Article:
“At the end of the day, it’s really about trying to see the best in yourself and just having one of those good days,” electronic composer Bayonne tells HollywoodLife when discussing one of the tracks on his new album. Today happens to be “one of those good days,” for it’s when Bayonne (i.e. Roger Sellers) has released his new album. Temporary Time is the third full-length from the composer dubbed the “live looping wonder,” the follow-up to 2019’s Drastic Measures.
Temporary Time is a record to get lost in. The layered production begs for repeated listening, with each new play uncovering a new sound within the intricate arrangement. Roger’s vocals are woven through like an instrument that produces not sound but dreams. Temporary Time sees Roger create a world of sound that invites you to explore it, and you will be happy to take the expedition.
This record, which expands on what pop music can be, stems from a dark time in Roger’s life. “In early 2019 my Dad was diagnosed with cancer,” he says in a statement accompanying the release of Temporary Time. “This record largely explores the emotional journey we went through as a family coming to terms with his declining health, as well as my own mental health and inner self. During much of the recording process, I was in a deep state of depression.”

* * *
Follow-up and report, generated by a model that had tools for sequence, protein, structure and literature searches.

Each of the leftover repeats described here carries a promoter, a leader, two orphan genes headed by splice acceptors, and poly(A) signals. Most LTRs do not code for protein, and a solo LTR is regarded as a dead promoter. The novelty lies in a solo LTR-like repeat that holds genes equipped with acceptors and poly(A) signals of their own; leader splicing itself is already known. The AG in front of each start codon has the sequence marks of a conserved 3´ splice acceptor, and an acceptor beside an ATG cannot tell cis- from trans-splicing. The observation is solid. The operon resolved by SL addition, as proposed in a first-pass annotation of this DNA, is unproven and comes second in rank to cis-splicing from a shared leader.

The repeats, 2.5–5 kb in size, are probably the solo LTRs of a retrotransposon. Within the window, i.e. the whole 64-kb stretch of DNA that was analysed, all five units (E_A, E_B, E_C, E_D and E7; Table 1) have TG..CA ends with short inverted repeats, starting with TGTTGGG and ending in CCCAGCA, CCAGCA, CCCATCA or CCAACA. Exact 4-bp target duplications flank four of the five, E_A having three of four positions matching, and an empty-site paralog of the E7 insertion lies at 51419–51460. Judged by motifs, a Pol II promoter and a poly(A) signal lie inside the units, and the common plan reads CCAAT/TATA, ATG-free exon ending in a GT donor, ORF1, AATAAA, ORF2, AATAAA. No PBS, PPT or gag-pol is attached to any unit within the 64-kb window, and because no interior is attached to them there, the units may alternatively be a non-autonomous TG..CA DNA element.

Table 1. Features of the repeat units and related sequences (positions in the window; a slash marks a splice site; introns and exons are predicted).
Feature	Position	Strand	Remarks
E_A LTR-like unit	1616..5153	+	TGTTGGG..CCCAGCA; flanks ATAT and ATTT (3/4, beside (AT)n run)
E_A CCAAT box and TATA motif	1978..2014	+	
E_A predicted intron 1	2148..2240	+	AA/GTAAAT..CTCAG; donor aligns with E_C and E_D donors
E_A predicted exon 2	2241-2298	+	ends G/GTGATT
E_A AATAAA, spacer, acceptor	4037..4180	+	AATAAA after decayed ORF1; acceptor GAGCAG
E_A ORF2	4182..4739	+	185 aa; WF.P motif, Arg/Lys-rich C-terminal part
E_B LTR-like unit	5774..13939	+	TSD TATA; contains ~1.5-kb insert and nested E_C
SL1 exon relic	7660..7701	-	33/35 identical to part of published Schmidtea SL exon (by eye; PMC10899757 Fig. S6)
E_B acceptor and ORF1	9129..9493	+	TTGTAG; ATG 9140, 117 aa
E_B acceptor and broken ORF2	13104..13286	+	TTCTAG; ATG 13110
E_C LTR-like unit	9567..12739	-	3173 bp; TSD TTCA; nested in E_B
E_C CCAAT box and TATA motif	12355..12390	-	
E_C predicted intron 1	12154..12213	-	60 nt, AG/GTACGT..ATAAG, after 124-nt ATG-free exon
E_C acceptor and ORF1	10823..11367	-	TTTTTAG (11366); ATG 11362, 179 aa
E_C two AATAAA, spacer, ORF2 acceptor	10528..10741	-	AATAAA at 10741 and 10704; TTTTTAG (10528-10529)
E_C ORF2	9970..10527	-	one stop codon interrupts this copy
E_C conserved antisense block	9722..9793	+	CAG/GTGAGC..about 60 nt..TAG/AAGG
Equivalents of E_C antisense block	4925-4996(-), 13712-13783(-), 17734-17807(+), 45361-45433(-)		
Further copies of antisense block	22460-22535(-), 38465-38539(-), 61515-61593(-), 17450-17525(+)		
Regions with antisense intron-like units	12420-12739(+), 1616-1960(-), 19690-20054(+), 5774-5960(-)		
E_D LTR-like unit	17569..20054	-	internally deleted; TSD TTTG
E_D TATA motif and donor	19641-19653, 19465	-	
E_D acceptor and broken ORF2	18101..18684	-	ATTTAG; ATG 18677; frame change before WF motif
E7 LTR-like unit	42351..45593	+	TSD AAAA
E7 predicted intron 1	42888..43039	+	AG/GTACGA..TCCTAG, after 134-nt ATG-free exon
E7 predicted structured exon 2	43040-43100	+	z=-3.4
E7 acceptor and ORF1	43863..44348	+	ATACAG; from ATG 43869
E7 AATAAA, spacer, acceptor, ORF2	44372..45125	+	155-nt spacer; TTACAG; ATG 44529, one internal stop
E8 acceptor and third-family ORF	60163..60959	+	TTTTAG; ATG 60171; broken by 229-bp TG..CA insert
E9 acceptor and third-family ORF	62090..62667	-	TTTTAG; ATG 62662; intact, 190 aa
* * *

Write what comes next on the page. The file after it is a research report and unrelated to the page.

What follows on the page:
With the release of the record, Roger gives HL a track-by-track breakdown of Temporary Time. Make time to see him when Bayonne comes to your town: Roger kicks off a headlining tour on May 30 in Phoenix, Arizona (find all the dates and ticket details here.)
“Must Be True”
“It’s both a breakup song as well as a self-explorative meditation. I had been dating someone for a while when it became apparent that it wouldn’t work out. Pretty emo, I know. I specifically remember working on most of this when I went to West Texas for a writing/recording retreat in Jan 2019. This track feels like the beginning of this record’s journey, not just in sequence but in chronology. Kinda feels like the preface of a book.”